A 32Gb MacBook is a good example:  There is a tiny fraction of users who would actually benefit from this.  The rest who would buy it mostly just like the comfort of the latest & greatest from Apple.  But, if the latest & greatest doesn't make any difference or any improvement for them, the magic will quickly wear off.... 


    Sorry these are weird statements. "They just haven't been rolling new Macs out as fast as the Mac fans would like." Er, really..... They have had 1 introduction in the last year, the iMac Pro..... While all other major manufacturer have machines based on Intel's 8th gen chips, Apple has none. I think waiting for over a year for simple chip refreshes is a little long! That's without even talking about the Mac Mini and Mac Pro.

     "Second, I think it is consistent with their overall philosophy:   Apple doesn't roll out new 'stuff' just to roll out new 'stuff' like other, lesser companies do." Yeah, I get that but it doesn't make them immune from competitive forces and the reality that the world has moved along quite a bit in the last year. if you look at the link I provided to the Wikipedia page it will show that in previous years there were multiple hardware introductions a year, the timing of which which I presume were based on chip availability and other manufacturing concerns. If this was their overall philosophy then, what has changed now for no significant product introductions since WWDC 2017? (apart from the iMac Pro).

    Not having any major product introductions in over a year is unprecedented in Apple's history. Hey, maybe they will have a huge introduction next month and maybe nothing will appear until October or even later. Whatever happens it doesn't take away from the reality that hardware introductions have slowed considerably given what was happening in the last 10 years. Why... that is a good question. But don't take my word for it follow the link and look for yourself......

    https://en.wikipedia.org/wiki/Timeline_of_Apple_Inc._products
    I think you just proved my initial point (which was meant as a minor comment):
    "As to why has Apple "stopped introducing hardware?".    First, they haven't.  They just haven't been rolling new Macs out as fast as the Mac fans would like. "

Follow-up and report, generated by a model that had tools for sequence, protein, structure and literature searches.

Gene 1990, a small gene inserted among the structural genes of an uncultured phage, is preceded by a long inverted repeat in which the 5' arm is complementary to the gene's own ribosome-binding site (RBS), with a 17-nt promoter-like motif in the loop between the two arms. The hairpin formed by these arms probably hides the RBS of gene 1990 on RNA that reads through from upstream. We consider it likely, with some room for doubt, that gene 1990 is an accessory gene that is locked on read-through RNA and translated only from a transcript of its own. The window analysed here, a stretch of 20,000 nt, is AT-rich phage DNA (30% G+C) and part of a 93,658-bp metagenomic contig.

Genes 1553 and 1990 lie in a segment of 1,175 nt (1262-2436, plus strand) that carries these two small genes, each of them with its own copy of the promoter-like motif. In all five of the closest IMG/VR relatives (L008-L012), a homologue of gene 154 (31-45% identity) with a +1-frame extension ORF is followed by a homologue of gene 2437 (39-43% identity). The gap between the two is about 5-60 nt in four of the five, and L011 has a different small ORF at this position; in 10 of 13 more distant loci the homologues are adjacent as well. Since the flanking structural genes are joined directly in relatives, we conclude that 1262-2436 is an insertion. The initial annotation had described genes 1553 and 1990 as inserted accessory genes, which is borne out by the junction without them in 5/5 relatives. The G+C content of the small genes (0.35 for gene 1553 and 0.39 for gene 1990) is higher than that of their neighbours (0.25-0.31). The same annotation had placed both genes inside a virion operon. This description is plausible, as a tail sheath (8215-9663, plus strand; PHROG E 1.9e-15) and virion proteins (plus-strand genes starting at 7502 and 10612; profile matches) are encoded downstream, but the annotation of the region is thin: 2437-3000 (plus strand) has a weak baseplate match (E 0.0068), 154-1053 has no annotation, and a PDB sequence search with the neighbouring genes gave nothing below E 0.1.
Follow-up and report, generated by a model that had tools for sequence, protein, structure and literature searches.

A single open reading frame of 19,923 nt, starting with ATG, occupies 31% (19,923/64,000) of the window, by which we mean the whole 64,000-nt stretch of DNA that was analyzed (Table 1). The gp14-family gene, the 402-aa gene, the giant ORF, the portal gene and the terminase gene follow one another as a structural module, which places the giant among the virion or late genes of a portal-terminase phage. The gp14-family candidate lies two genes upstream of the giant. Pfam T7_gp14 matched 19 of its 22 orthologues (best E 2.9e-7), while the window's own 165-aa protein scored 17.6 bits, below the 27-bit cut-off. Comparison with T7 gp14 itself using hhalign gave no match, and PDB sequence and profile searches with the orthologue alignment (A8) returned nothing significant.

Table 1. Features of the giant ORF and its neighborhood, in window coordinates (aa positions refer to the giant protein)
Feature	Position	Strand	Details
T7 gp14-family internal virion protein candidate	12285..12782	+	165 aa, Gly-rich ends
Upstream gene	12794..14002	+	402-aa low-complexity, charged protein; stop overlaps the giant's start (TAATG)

So, we're back to the point that:  instead of keeping up with the Joneses, they insist on only releasing things that are enough improved to make a difference. 

    Further, as I and others have said:   At least in the Mac line, Apple does not set itself apart with hardware.  They haven't since Steve switched them to Intel.  They set themselves apart with their software and ecosystem.  The hardware is a means to the end.   Not the end.

  • Reply 39 of 52

    I think you just proved my initial point (which was meant as a minor comment):
    "As to why has Apple "stopped introducing hardware?".    First, they haven't.  They just haven't been rolling new Macs out as fast as the Mac fans would like. "

    So, we're back to the point that:  instead of keeping up with the Joneses, they insist on only releasing things that are enough improved to make a difference. 

    Further, as I and others have said:   At least in the Mac line, Apple does not set itself apart with hardware.  They haven't since Steve switched them to Intel.  They set themselves apart with their software and ecosystem.  The hardware is a means to the end.   Not the end.

    Well its good to see the reality distortion field is extending well beyond Cupertino! Wow. Wow. Wow.

    Intel introduced 8th gen chips in August of last year and updated them in April of this year. The performance gains are much more than the 6th to 7th gen transitions given the core increases, especially in the mobile chips. If this isn't the definition of "enough improved" when Apple considers itself the premium brand then I don't know what is! If your statement is true why did Apple introduce a refresh from 6th to 7th gen chips after 9 months for the MB Pro line, but not here?